The courts put a stop to the legislation and sent the railroad prices back up. The second attempt was the farmers alliance which setup stores and other facilities for their fellow farming members to use. This partially removed the 'middleman' from stealing a portion of the profits. Although this was more widespread than the Grange, the system was too strong to allow these alliance groups. A movement known as Populism, which urged changes to aid farmers, formed. Many of the views of the populist movement were adopted by the more popular and successful reform movement known as Progressivism.

In the early years of the 20th century, a powerful reform movement called Progressivism swept the country. Its leaders were college professors, ministers, journalists, physicians and social workers. Their goal was to improve conditions for all Americans. They wanted to make the political system more egalitarian. They also wanted to make the nation's economic system more democratic. They felt that the people who owned the nations resources, should share some of their wealth with the less fortunate. The movement appealed to farmers, small businessmen, women and laborers.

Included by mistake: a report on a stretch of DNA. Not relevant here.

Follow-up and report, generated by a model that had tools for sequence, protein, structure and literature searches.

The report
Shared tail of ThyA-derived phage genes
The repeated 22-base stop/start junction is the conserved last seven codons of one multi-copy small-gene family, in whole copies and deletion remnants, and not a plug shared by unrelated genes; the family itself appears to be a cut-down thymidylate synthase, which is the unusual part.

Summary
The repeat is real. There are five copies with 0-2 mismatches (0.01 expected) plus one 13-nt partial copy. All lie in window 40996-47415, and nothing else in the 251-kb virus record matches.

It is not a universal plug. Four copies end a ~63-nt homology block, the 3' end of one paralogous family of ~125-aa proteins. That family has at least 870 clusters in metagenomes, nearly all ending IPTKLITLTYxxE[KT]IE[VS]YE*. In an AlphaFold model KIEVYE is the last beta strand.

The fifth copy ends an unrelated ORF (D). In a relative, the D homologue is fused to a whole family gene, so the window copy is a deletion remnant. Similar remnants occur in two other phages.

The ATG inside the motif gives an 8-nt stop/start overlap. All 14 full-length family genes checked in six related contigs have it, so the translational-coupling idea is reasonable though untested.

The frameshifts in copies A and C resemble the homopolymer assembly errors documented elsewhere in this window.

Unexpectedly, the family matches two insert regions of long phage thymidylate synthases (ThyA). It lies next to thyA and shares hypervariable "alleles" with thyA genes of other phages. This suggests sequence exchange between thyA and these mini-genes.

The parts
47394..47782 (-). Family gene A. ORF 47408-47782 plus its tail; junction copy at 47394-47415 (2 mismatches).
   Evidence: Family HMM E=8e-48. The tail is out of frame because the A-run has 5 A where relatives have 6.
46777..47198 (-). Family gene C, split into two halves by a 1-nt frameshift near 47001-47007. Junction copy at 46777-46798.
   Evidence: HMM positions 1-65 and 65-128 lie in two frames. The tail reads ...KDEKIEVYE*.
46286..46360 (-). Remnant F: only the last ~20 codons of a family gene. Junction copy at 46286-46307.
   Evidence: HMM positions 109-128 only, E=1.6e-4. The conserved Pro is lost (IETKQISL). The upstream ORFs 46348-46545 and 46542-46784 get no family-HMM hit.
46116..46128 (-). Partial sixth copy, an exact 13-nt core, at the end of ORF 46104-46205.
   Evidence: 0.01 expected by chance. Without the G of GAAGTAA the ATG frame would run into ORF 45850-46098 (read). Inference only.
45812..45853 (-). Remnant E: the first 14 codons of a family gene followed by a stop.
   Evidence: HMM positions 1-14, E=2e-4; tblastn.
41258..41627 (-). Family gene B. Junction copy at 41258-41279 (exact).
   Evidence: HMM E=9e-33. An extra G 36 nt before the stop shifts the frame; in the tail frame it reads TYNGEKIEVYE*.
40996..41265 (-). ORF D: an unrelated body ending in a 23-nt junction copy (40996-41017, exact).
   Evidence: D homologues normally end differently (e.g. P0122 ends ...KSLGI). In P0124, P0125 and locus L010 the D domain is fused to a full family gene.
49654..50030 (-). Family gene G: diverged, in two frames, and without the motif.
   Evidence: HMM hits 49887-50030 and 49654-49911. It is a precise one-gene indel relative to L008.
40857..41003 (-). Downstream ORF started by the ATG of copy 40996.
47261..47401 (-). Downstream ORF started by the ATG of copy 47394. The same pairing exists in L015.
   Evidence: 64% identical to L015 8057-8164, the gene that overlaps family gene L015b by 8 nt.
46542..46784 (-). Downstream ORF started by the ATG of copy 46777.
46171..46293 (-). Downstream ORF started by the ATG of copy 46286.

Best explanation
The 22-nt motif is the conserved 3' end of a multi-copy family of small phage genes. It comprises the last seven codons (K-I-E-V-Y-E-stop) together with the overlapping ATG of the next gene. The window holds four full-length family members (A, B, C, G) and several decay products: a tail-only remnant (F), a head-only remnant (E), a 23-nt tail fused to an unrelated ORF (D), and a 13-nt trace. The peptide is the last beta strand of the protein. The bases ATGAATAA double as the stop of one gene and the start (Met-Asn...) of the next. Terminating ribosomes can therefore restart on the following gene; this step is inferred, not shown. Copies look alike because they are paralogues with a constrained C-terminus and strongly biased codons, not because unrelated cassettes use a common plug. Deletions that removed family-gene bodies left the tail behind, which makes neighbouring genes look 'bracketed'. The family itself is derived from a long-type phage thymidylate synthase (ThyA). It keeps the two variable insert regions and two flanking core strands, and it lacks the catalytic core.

They were alarmed by the growing use of court rulings to halt strikes. In 1890, for example, Congress passed the Sherman Antitrust Act. Its purpose was to punish big business corporations that combined to prevent competition. Yet more and more it was being used as a weapon against unions. The Progressives were unhappy about the use of federal troops and state militia against strikers. They were outraged by inhuman conditions in factories and mines. The Progressives and the AFL pressured state governments for laws to protect wage earners. Almost all states passed laws forbidding the employment of children under 14 years old.